concept maps / mental models

2 Mar 2005 - 5:35pm
9 years ago
2 replies
1270 reads
Eugene Chen
2004

Here are two examples of Concept Maps from a quick google.
http://www.google.com/search?sourceid=navclient&ie=UTF-8&rls=RNWE,RNWE:2004-
15,RNWE:en&q=concept+map

http://www.graphic.org/concept.html

Concept Maps are an established technique within pedagogy (well, it has its
supporters, who are probably not very well supported). I believe the idea is
that if a student has true understanding of a domain area, they will be able
to construct a coherent concept map on the blackboard, whereas being able to
answer fill in the blank questions proves very little.

The circles are connected and the connections are also labled. For
interactive products, I imagine a lot of typical container and inheritence
relationships would be common. [friends] ARE A TYPE OF [contact]. the
address book [CONTAINS] contacts.

Hugh Dubberly once made a useful point about there being two types of
representation: static and dynamic. In a static representation of baseball,
you diagram the players, bases, field, equipment, etc. In a dynamic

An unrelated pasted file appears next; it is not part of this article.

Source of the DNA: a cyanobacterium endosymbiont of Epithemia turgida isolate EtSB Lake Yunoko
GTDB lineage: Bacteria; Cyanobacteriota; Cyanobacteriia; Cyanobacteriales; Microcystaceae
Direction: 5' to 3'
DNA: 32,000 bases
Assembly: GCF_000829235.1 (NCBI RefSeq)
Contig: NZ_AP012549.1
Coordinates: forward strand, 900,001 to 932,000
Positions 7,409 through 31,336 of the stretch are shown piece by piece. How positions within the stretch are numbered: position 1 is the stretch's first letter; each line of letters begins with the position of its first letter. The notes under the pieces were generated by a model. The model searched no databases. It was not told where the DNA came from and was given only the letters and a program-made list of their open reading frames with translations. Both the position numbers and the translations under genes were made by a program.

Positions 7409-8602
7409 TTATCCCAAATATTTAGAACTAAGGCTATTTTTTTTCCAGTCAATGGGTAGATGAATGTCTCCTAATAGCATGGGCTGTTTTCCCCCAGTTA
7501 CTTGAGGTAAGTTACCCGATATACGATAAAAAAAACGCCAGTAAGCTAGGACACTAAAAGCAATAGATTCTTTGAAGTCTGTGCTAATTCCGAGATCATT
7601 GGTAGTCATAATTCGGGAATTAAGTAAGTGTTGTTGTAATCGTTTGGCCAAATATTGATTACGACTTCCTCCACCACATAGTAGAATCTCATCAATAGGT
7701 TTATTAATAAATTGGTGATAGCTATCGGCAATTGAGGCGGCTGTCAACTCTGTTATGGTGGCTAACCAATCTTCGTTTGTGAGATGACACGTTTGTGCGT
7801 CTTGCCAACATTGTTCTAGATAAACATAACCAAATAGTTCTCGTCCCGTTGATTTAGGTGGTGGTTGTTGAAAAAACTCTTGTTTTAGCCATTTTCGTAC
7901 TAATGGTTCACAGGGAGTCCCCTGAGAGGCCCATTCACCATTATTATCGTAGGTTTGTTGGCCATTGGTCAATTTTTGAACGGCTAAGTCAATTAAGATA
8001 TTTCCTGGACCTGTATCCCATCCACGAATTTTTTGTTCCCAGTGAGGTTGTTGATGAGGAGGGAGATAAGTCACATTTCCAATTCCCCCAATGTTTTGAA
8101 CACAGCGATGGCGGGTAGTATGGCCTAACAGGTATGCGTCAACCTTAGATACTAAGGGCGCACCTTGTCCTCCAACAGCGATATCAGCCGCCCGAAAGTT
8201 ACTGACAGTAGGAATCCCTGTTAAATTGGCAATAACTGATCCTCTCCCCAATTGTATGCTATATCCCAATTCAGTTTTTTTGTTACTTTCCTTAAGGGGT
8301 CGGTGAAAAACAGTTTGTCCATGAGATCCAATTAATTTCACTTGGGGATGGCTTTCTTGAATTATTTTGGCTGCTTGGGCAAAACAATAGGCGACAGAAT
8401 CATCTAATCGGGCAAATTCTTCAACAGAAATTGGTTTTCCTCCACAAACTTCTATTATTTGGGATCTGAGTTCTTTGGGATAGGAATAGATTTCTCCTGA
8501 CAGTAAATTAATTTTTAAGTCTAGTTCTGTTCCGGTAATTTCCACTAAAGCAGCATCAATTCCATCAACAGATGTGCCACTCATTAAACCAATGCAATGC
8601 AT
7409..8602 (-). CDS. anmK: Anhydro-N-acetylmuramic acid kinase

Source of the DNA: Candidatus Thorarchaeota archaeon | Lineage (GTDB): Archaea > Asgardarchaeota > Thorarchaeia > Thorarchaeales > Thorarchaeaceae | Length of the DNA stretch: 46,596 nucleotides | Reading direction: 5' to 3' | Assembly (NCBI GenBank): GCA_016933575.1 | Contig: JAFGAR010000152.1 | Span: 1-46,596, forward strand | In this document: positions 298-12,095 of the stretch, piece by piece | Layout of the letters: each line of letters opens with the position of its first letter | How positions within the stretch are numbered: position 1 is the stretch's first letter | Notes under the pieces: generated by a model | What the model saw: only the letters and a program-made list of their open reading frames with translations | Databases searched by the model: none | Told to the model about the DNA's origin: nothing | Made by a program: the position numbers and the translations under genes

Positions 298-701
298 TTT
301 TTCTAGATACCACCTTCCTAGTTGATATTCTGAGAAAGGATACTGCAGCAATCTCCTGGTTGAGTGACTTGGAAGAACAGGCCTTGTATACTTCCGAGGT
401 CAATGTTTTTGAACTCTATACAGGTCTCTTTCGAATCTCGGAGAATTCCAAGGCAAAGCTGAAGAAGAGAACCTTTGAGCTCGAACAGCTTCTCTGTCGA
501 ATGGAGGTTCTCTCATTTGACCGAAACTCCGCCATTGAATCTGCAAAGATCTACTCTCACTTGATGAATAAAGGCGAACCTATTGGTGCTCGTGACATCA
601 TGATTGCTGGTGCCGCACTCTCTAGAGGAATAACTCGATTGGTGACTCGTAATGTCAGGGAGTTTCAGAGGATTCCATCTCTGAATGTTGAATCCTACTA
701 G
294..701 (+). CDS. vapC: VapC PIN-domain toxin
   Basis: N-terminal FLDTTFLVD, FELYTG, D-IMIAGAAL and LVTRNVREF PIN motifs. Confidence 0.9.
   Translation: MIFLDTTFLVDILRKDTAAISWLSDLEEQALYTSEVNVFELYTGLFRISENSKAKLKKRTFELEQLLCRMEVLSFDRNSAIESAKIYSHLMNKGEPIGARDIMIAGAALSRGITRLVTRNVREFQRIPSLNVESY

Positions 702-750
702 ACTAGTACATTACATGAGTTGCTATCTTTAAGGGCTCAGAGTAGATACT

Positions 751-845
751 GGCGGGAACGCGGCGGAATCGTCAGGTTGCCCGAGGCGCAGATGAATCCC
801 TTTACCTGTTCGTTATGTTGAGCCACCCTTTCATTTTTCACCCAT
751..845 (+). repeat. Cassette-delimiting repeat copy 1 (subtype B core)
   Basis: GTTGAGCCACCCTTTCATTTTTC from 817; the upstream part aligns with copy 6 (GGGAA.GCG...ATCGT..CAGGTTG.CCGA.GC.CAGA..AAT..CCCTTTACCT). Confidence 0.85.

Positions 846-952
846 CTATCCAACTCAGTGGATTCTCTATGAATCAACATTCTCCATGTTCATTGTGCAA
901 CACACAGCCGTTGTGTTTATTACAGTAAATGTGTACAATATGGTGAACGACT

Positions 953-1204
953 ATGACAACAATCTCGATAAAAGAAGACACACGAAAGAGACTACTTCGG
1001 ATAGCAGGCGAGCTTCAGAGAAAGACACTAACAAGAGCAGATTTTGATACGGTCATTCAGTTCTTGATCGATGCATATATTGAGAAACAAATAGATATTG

representation, you can make a flow chart of innings, plays, outs, strikes,
pitches, etc.

I think it is probably difficult to represent the static (concept map,
sitemap) and dynamic (task flow, scenario) on one sheet of paper. But I culd
imagine some useful cross reference, or even some kind of software tool.
Something like Director or FinalCutPro that has a sense of frames and
objects in a frame. Or like when they show a chess play as a sequence of
chess boards. What is the user seeing-thinking-doing at each step of a task.

- eugene

eugene chen | user experience: design, strategy, and usability

Comments

3 Mar 2005 - 4:55am
Narey, Kevin
2004

A tool I've been using for the last six months has pretty much
revolutionised my meeting notes, thought documentation, time management and
communicating ideas to others. It's called MindManager. I'm working out a
way of integrating it into my interviewing activities. It's well worth a
demo. Apologies if it's already been suggested. Saying all that - it's just
a tool.

http://www.mindjet.com/uk/products/

Kevin

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6 Mar 2005 - 6:35pm
Eugene Chen
2004

Kevin,

> A tool I've been using for the last six months has pretty
> much revolutionised my meeting notes, thought documentation,
> time management and communicating ideas to others. It's
> called MindManager. I'm working out a way of integrating it
> into my interviewing activities. It's well worth a demo.
> Apologies if it's already been suggested. Saying all that -
> it's just a tool.
>
> http://www.mindjet.com/uk/products/
>
> Kevin

Sounds interesting. Can you say a little more? How do you use MindManager?
What's been the biggest revolution?

Thanks,
Eugene

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